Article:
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Let $u(t),v(t)$ be smooth curves in a vector space $V$ with inner product $\langle,\rangle$. Let $\dot{v}(t)$ be the differential of the curve at t, where we consider $V$ as a manifold. Since for a vector space manifold we can identify each tangent space with $V$ itself, $\dot{v}(t)$ is a curve in $V$.

I'm reading a paper where they seem to use a formula similar to

$\int_{0}^{T} \langle u(t), \dot{v}(t) \rangle dt = - \int_{0}^{T} \langle \dot{u}(t), v(t) \rangle dt + something$.

Could someone point me to the exact formula, and its proof?

Thank you.

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    $\begingroup$ I think you're missing a $-$ sign in front of the second integral. Your paper may have a typo. $\endgroup$ – J.G. Jun 29 '19 at 12:55
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    $\begingroup$ You are right, thanks, this is now corrected. $\endgroup$ – eipiplusone Jun 29 '19 at 14:28
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Let $f(t) = \langle u(t), v(t) \rangle$. Since the inner product $\langle \cdot, \cdot \rangle$ is bilinear, we can use the chain rule to say \begin{equation} \dot{f}(t) = \langle \dot{u}(t), v(t) \rangle + \langle u(t), \dot{v}(t) \rangle \end{equation} (for a proof of this see Loomis and Sternberg's Advanced Calculus, Chapter $3$, theorem $8.4$) Hence, if you rearrange this equation and integrate it, we find that \begin{align} \int_0^T \langle u(t), \dot{v}(t) \rangle \, dt &= \int_0^T \left[ \dot{f}(t)- \langle \dot{u}(t), v(t) \rangle \right] \, dt \\ &= f(t) \bigg|_0^T - \int_0^T \langle \dot{u}(t), v(t) \rangle \, dt \\ &= \left[ \langle u(T), v(T) \rangle - \langle u(0), v(0) \rangle \right] - \int_0^T \langle \dot{u}(t), v(t) \rangle \, dt \end{align} Where in the second equal sign I used the Fundamental Theorem of Calculus. This is the complete statement of what you want to prove.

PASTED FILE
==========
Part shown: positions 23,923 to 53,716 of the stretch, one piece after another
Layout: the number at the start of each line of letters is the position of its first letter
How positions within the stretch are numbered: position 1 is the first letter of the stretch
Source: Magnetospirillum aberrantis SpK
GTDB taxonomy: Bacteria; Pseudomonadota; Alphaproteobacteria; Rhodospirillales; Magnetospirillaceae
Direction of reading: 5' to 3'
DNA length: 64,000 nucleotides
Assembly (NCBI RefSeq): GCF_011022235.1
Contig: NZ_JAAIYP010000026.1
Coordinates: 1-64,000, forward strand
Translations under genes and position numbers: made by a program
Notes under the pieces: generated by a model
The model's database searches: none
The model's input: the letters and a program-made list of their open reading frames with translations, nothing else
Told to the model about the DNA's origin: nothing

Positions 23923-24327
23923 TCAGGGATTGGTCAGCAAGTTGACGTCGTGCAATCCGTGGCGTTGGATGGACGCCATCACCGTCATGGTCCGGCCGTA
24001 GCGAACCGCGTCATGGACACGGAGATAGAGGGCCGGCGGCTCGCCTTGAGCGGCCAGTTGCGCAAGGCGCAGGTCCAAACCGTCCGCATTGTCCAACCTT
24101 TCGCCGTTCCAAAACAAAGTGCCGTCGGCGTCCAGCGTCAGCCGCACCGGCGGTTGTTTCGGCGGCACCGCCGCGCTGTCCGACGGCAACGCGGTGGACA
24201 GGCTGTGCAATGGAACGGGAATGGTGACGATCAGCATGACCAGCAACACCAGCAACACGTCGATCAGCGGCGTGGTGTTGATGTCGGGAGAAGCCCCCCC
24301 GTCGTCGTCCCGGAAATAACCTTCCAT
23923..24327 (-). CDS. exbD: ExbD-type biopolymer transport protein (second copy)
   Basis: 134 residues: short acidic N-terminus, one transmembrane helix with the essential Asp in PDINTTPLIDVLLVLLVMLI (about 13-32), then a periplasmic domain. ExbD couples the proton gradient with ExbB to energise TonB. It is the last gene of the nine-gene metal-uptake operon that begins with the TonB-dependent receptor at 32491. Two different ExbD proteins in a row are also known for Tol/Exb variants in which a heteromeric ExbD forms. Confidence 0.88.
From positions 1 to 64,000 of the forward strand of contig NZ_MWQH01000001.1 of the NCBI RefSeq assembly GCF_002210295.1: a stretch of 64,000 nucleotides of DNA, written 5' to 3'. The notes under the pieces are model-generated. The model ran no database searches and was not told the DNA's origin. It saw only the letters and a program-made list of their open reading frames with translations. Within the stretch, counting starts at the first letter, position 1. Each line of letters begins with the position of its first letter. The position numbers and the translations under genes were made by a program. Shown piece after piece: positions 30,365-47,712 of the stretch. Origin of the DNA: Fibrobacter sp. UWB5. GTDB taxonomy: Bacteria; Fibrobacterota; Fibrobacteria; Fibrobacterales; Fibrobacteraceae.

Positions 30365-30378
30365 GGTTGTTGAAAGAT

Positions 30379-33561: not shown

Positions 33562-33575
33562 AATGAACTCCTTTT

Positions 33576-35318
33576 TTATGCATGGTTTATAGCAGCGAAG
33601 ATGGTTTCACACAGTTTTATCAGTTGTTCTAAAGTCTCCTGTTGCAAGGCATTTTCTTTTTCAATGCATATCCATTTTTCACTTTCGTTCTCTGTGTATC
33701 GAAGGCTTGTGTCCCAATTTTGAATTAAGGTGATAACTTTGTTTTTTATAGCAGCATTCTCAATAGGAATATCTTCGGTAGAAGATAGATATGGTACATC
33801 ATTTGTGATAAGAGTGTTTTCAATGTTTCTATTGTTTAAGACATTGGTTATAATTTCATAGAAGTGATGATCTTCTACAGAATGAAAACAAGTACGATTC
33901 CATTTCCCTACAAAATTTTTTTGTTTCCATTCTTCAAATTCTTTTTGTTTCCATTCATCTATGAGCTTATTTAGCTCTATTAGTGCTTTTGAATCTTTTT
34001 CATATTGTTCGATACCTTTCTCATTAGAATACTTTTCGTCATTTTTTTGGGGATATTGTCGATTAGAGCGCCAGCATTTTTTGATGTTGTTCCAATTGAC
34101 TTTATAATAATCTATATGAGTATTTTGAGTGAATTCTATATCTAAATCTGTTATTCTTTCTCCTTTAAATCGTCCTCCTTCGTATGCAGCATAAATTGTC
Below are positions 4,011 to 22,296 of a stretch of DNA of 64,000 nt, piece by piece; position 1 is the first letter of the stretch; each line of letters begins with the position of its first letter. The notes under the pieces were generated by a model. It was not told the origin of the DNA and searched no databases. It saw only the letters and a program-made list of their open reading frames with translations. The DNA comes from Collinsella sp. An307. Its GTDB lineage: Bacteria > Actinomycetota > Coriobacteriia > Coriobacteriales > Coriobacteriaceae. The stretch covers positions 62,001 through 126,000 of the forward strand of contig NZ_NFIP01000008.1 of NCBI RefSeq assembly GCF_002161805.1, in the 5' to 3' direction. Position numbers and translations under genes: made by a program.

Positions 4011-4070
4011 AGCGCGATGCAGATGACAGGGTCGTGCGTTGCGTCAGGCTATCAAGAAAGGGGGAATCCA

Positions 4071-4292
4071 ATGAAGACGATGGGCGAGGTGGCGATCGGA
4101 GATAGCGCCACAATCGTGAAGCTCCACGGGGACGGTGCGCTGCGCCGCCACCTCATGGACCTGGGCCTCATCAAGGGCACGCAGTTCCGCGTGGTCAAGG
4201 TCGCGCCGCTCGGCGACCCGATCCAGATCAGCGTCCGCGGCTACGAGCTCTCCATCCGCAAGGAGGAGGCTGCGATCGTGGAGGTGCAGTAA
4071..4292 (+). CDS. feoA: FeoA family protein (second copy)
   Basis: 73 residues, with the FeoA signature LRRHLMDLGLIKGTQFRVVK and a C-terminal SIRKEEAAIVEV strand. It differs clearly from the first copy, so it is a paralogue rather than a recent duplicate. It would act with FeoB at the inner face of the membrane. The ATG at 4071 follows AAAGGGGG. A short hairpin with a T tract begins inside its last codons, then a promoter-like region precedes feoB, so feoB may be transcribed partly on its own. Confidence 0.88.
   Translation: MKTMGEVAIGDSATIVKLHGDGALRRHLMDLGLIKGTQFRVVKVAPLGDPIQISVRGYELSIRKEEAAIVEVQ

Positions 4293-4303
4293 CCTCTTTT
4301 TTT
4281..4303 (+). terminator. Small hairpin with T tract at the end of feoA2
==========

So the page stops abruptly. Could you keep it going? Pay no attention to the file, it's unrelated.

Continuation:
Nitpicky Additional Remarks:

If you actually take a look at the statement of the theorem which I referred you to, one of the hypotheses is that the map $\omega$ (in conformity with their notation) is a bounded (equivalently continuous) bilinear map. So, before I invoke the use of that theorem, I actually need to justify why the inner product $\langle \cdot, \cdot \rangle$ is bounded. The fix is pretty easy in this case, because inner products satisfy the Cauchy Schwarz inequality, which implies boundedness. Hence, my use of the theorem is actually valid.

In general, one can prove that every multilinear transformation between finite-dimensional vector spaces is bounded (equivalently continuous), so that in particular every bilinear map between finite-dimensional vector spaces is bounded. So, if you assumed from the beginning that $V$ was finite-dimensional, then there is no need for further comment.

However, you did not specify the dimension of $V$, hence I directly argued the boundedness of the inner product by appealing to the Cauchy Schwarz inequality (which is valid even in infinite dimensions).

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  • $\begingroup$ @eipiplusone I added a few more words about why the use of the theorem is actually valid. Hopefully that's helpful. $\endgroup$ – peek-a-boo Jun 29 '19 at 14:51
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$$\int_0^T\frac{d}{dt}\langle u(t),v(t)\rangle dt=\langle u(T),v(T)\rangle-\langle u(0), v(0)\rangle$$ by the fundamental theorem of calculus. Expanding the integrand on the left hand side and rearranging gives $$\int_0^T\langle u(t),\dot{v}(t) \rangle dt = -\int_0^T\langle \dot{u}(t),v(t)\rangle dt+\langle u(T),v(T)\rangle-\langle u(0), v(0)\rangle.$$

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  • $\begingroup$ Thank you. Peek-a-Boo included a reference for the derivative of the inner product (for general vector spaces), so I accepted that answer. $\endgroup$ – eipiplusone Jun 29 '19 at 14:27

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